Attorneys James R. Schadel and Kenneth N. Schott, III successfully defended a legal malpractice action filed by the ex-owner of a business against the attorney (“Defendant”) who assisted the ex-owner (“Plaintiff”) with the sale of his business. Burns White attorneys drafted a Motion for Summary Judgment, which was argued before an en banc panel of the Court of Common Pleas. The Court agreed with Burns White that there was no causal connection between the Defendant-Attorney’s purported conduct and the Plaintiff’s alleged pecuniary loss resulting from the sale of his business. Accordingly, the Court granted summary judgment in the Defendant-Attorney’s favor.
Plaintiff was a sole proprietor owning 100% of his company’s stock. Plaintiff agreed to sell the company to a prospective buyer. The buyer would own 100% of the company’s stock in exchange for making monthly payments of principal and interest to Plaintiff over a period of years.
Plaintiff thereafter asked the Defendant-Attorney to reduce this agreement to writing and draft a promissory note to finance the transaction. However, the bank, which financed the company’s line of credit, already held a first lien position relative to the debt and assets of the company. The bank would not consent to the sale of the company, unless Plaintiff agreed to subordinate his rights as a creditor to receive payments under the promissory note to the bank’s right to receive payments on the line of credit. Regrettably, the company defaulted on the line of credit within a year’s time post sale of the company, so the bank enforced its first lien position and prevented payments under the promissory note to Plaintiff.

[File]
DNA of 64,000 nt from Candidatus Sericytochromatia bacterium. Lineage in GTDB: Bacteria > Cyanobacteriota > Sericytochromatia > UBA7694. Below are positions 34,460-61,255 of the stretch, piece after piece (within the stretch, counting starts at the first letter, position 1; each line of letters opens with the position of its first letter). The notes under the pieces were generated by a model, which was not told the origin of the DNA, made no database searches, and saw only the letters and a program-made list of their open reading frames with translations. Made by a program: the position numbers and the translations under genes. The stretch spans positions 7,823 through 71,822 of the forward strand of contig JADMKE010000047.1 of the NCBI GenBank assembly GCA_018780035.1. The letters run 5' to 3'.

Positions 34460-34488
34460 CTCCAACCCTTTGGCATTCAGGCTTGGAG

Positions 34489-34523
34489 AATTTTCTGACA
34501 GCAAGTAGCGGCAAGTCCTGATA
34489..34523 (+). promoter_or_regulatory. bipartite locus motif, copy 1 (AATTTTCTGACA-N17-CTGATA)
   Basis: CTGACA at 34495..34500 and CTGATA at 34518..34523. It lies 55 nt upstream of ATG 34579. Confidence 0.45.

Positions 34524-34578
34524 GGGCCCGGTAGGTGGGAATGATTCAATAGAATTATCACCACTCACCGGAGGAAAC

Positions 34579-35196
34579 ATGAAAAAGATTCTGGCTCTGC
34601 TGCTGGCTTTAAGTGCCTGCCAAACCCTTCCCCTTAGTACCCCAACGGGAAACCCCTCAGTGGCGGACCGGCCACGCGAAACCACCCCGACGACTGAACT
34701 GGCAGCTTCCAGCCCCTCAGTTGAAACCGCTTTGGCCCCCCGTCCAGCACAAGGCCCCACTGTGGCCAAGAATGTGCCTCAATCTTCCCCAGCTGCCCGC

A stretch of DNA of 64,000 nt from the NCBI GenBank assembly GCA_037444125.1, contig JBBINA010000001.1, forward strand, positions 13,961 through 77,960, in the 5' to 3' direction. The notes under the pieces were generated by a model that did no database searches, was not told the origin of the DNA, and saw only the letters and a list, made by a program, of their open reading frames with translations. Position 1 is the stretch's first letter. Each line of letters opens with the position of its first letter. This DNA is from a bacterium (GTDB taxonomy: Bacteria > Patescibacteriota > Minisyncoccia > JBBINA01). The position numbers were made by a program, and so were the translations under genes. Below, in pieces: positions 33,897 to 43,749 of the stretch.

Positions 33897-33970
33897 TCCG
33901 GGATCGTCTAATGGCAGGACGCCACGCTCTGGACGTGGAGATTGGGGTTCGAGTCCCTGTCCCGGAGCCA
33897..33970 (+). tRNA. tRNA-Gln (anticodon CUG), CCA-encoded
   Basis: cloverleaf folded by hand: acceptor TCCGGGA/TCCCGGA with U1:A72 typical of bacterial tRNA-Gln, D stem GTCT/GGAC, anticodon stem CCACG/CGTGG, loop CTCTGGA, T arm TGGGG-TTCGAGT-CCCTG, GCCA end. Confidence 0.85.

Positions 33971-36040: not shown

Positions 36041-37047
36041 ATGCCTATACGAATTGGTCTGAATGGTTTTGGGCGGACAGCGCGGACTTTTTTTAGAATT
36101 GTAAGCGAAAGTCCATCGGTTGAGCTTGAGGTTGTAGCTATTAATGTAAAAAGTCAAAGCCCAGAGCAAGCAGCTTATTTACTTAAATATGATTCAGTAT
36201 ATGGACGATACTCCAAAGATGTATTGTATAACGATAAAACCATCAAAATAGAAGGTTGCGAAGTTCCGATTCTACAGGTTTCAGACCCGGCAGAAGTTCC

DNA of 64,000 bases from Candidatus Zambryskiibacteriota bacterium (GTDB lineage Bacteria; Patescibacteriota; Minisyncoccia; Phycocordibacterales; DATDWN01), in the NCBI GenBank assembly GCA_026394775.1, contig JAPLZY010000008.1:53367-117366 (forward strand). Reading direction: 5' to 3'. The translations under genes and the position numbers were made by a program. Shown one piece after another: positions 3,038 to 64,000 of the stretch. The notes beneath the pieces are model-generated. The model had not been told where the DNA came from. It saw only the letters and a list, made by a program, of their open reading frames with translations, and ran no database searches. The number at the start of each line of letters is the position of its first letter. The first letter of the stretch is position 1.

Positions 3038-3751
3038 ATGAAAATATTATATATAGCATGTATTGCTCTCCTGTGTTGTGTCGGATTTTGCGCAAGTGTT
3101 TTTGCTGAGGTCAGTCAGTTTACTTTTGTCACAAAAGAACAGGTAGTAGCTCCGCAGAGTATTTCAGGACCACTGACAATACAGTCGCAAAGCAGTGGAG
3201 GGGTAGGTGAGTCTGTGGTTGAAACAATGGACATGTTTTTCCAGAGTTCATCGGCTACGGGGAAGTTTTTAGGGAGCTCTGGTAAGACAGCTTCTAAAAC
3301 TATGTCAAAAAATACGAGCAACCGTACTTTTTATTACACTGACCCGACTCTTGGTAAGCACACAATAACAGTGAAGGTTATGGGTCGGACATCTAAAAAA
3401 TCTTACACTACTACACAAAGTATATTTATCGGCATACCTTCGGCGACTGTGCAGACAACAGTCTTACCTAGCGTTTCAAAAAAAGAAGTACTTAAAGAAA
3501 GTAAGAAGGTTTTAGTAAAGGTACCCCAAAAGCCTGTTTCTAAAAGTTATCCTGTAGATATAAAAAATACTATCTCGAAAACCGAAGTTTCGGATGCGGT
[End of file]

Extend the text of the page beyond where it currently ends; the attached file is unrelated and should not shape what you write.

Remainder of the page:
The financial distress experienced by the company compelled it to seek a new and larger line of credit from a second financial institution. However, the new lender would not agree to provide a larger line of credit to the company unless Plaintiff signed an intercreditor and subordination agreement. The effect of the intercreditor agreement was to, once again, subordinate Plaintiff’s creditor rights to collect payments under the promissory note to the new lender’s right to receive payments under the new line of credit. As it was with the original line of credit, the company failed to comply with the terms and conditions of the new line of credit. Consequently, the new lender enforced its superior lien position and prevented any further payments on the promissory note.
Plaintiff sued the Defendant-Attorney asserting one count of professional negligence. Plaintiff’s legal theory was that Defendant-Attorney allegedly failed to provide Plaintiff with adequate security for the sale of his company, and that such failure purportedly cost Plaintiff more than a million dollars in lost payments under the promissory note. Burns White Attorneys argued that the first lien position of the financial institutions were both voluntarily given by Plaintiff such that there was no causal connection between Plaintiff’s alleged pecuniary loss and Defendant-Attorney’s purported conduct. The Court agreed with Burns White. There was no provision that the Defendant-Attorney could have drafted in the agreement that could have put Plaintiff in a better lien position vis a vis these financial institutions.
A legal malpractice plaintiff in Pennsylvania must prove – by a preponderance of the evidence – that the underlying transaction would have been successful “but for” the attorney’s alleged conduct. Plaintiff could not meet this evidentiary burden. There were no disputed issues of material fact and no further evidence, which could have been adduced through additional discovery, that would have compelled the Court to deny the Defendant-Attorney’s motion for summary judgment. Plaintiff’s pecuniary loss was caused solely by: (1) Plaintiff’s decision to voluntarily subordinate his lien position, and (2) the company’s poor financial performance post sale. Defendant-Attorney’s alleged conduct was not a causal factor.